Post # 11
- Wedding: July 2013 - The front lawn of our church
@august302014: I agree that if they’re hosting it they get to invite whoever they want. But I don’t think it would be wrong to casually say that you were invisioning a more intimate gathering with just the BP, their dates, and immediate family. If they insist on a big gathering then just let it go.
Post # 12
We will have a standard rehearsal dinner followed by inviting anyone in town to celebrate at the bar. My entire family is OOT and will love the opportunity to hang out and see each other!
Post # 13
I think this is the difference between a Rehearsal Dinner and a Welcome Dinner. Can you request a small dinner for BP and immediate family, followed by a cocktail party or Welcome Reception for out of town guests?
Post # 14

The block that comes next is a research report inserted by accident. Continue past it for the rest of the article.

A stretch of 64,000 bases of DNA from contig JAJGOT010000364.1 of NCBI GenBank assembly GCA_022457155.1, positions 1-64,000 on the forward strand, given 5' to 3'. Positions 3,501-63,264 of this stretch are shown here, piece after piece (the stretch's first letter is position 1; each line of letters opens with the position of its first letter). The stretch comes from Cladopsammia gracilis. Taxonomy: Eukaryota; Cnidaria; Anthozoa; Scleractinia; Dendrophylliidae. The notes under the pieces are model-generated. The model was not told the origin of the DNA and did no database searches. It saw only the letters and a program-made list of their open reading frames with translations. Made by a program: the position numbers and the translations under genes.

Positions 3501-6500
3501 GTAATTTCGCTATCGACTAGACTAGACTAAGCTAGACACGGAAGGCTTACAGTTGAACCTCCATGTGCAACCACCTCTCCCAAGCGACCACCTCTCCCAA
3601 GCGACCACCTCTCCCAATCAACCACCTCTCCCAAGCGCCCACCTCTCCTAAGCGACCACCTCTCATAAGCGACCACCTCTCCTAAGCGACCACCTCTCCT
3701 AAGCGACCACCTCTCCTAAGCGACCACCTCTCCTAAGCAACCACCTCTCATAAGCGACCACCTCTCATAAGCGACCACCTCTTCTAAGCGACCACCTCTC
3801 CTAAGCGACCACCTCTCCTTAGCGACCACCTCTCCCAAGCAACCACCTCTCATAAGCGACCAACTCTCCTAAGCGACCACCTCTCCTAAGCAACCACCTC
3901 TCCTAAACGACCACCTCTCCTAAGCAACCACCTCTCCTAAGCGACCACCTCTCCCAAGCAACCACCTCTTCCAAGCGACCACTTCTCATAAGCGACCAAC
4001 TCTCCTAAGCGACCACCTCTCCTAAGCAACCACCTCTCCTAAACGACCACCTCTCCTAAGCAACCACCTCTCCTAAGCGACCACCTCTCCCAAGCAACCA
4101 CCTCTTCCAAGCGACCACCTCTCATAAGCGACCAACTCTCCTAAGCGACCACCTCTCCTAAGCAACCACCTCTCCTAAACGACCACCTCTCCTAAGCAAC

@Jen041815: I like that idea a lot, have been thinking about a welcome bonfire with cocktails and smores after the rehearsal dinner. I’m just worried people will think it’s rude to be invited to one and not the other..
Post # 15
@august302014: I wouldn’t think it was rude at all! I honestly wouldn’t expect to be invited to anything other than the ceremony and reception. Anything else is bonus and sounds like fun!
Post # 16
We are having out of towners, bridal party, grandparents and parents. It’s about 50 or so people.
My sister did the same thing, then “opened up” the party after dinner for anyone who wanted to attend. They could have drinks and hang out, but it wasn’t nearly as expensive and the dinner piece was still super intimate 🙂